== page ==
Wild ash and a huggable dog on a perfect day

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Sometimes it happens that our plans, which we have long and lovingly built, crumble in an instant.

Do we need to despair and give up? Not a chance! We start building new plans and, when we realise them, we often see that the results are better than we could have imagined. Our destiny leads us to the right road if we don’t give up.

When I was planning my wedding with Bill, I was passionately dreaming that it would take place in Bermuda on the ocean, in a small cove where Bill and I had our first date.

I saw myself barefoot, with my light-blue summer dress fluttering in the wind. I would be holding a bouquet of white roses, and a violinist would play exquisitely as our relatives and closest friends watched amid tears and smiles. I would be holding hands with Bill, softly saying “yes, I do” before a glorious sunset over the turquoise sea. Before us lies our happy life!

It was such a romantic and ideal picture — as in the last frames of a movie romance when the camera slowly pans from the faces of the happy newlyweds to the sun sinking into the deep red ocean.

Life turned out quite differently. Our wedding took place thousands of kilometres from Bermuda, in the tiny American town of Ely, Minnesota, which is a speck in the vast coniferous forests on the very border of North America’s largest wilderness, The Boundary Waters. With its thousands of crystal clear lakes alive with deer, bears and wolves, and nights spent under the green and silver shimmer of the Northern Lights, the Ely area attracts outdoorsmen and backpackers from all over the world.

Time has not touched the tiny town of Ely (population 3,430) and you feel as if it stopped in, maybe …. 1956. There are no McDonald’s, no Starbucks. There are cozy coffee houses, where locals hang their mugs on the wall, a steakhouse or two, small shops selling wilderness gear, and lots of canoe rentals. For this is the “town at the end of the road”, the departure point for the greatest canoe trips in the world. Outboard motors are forbidden.

Nearby begins a silent mosaic of pristine waterways, islands and forests stretching north over a thousand miles to Hudson’s Bay and the rugged tundra of the Arctic Circle. Ely is the gateway and one of the few American towns that has managed to preserve its charm and defend its character. You leave from here, you come back to here. In between, you wander one of the last, immense and unspoilt wildernesses on the planet. What happened to my violinist?

For some personal reasons we decided not to wait for our return to Bermuda. Our wedding day in Ely on August 25 was brisk and sunny. At our cabin on the lake, I put on a modest white dress, and Bill an elegant blue sports coat. We took our boat from the remote island where we live in the summer to the mainland.

On the ten-mile road to Ely, we stopped at the home of our witnesses, Bill’s cousin Sharon and her husband, Jeff. They looked at me and exclaimed, “where are the flowers?” We laughed.

“Where would we find flowers in the boreal forest?” She went to the flower bed and gathered a simple bouquet.

We were all on the way to the house of a local lawyer for our ceremony. Suddenly, I saw on the side of the road a beautiful wild ash tree dense with bright red berry clusters.

“This was my papa’s favourite tree!” I remembered this tree my father planted in front of our summer house in Siberia. He loved how this small cutting grew into red splendour.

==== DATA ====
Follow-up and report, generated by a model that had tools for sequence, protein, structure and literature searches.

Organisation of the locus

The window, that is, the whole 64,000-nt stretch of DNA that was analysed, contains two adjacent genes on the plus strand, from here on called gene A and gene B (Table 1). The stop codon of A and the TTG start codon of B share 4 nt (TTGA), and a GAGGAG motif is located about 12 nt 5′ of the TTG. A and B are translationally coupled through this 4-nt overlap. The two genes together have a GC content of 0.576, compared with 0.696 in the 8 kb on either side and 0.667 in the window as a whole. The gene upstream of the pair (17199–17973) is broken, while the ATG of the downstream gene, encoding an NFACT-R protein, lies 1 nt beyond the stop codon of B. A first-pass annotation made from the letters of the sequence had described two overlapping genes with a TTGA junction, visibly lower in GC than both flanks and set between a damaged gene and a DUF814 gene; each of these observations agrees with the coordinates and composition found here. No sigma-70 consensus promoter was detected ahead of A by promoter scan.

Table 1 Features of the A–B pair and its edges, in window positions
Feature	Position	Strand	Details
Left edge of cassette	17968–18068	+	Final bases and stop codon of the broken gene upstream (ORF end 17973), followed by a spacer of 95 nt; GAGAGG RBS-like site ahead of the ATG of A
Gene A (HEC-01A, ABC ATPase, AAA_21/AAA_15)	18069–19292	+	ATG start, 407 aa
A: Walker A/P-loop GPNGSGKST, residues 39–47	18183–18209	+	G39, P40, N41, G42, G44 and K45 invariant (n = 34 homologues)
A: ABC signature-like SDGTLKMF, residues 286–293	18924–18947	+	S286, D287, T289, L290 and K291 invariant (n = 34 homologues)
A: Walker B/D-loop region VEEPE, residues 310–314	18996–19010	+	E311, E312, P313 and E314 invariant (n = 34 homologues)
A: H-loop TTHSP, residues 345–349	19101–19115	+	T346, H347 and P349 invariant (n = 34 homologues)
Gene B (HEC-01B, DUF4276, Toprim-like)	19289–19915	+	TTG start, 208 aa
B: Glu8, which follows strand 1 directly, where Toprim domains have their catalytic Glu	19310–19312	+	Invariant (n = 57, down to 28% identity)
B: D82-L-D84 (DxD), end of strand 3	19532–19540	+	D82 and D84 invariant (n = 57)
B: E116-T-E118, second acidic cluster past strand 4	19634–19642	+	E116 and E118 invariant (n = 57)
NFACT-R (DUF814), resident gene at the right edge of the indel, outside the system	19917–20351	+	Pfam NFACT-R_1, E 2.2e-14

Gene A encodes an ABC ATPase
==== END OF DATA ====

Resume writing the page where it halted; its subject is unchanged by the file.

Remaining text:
“I must marry holding a bouquet of wild ash in memory of my father. It would be a wonderful sign,” I thought happily. We stopped and I walked to the edge of the forest.

I could never imagine that at my wedding I would have this extravagant bouquet of wild ashes. The best one in my life.

When we entered the local lawyer’s small and cozy house, the first to greet us was his affectionate Labrador, Leo, all happy, shining eyes and wagging tail.

He barked hello and licked us with sincere and irrepressible joy and love. We began to laugh, hugging and petting him. My 11-year-old stepdaughter, Ava, was in heaven. His happiness was so sincere and warm that it was impossible not to smile.

“Could he attend our ceremony?” I asked the pastor. “Of course,” he answered in surprise. “Today is your day.”

Bill, Ava and I stood in front of the fireplace and listened to the lovely wedding vows.

The dog, Leo, understanding the solemnity of the moment, lay quietly at our feet. Bill and I turned to each other. Looking into each other’s eyes we said our vows and kissed. At that moment, Ava sang in her angelic voice a song from The Sound of Music.

“Raindrops on roses and whiskers on kittens

Bright copper kettles and warm woollen mittens

Brown paper packages tied up with strings

These are a few of my favourite things …”

Ava sang the song perfectly, full of quiet reverence and confidence.

At that moment I thought, “Thank you, Universe, that we were married right here, in the town where Bill has come since he was born, where we started building our relationship five years ago on my first visit, this true and simple place where we are always so happy.”

Fate is unpredictable, but do not be afraid of an unexpected or abrupt turn. Look closer and you may find a tree of wild ash with red clusters, a cheerful dog you can hug, or the sweet melody of your child’s special song.

Nina London is a certified wellness and weight-management coach. Her mission is to support and inspire mature women to make positive changes in their body and mind

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Published Sep 14, 2017 at 8:00 am (Updated Sep 13, 2017 at 9:29 pm)

Wild ash and a huggable dog on a perfect day

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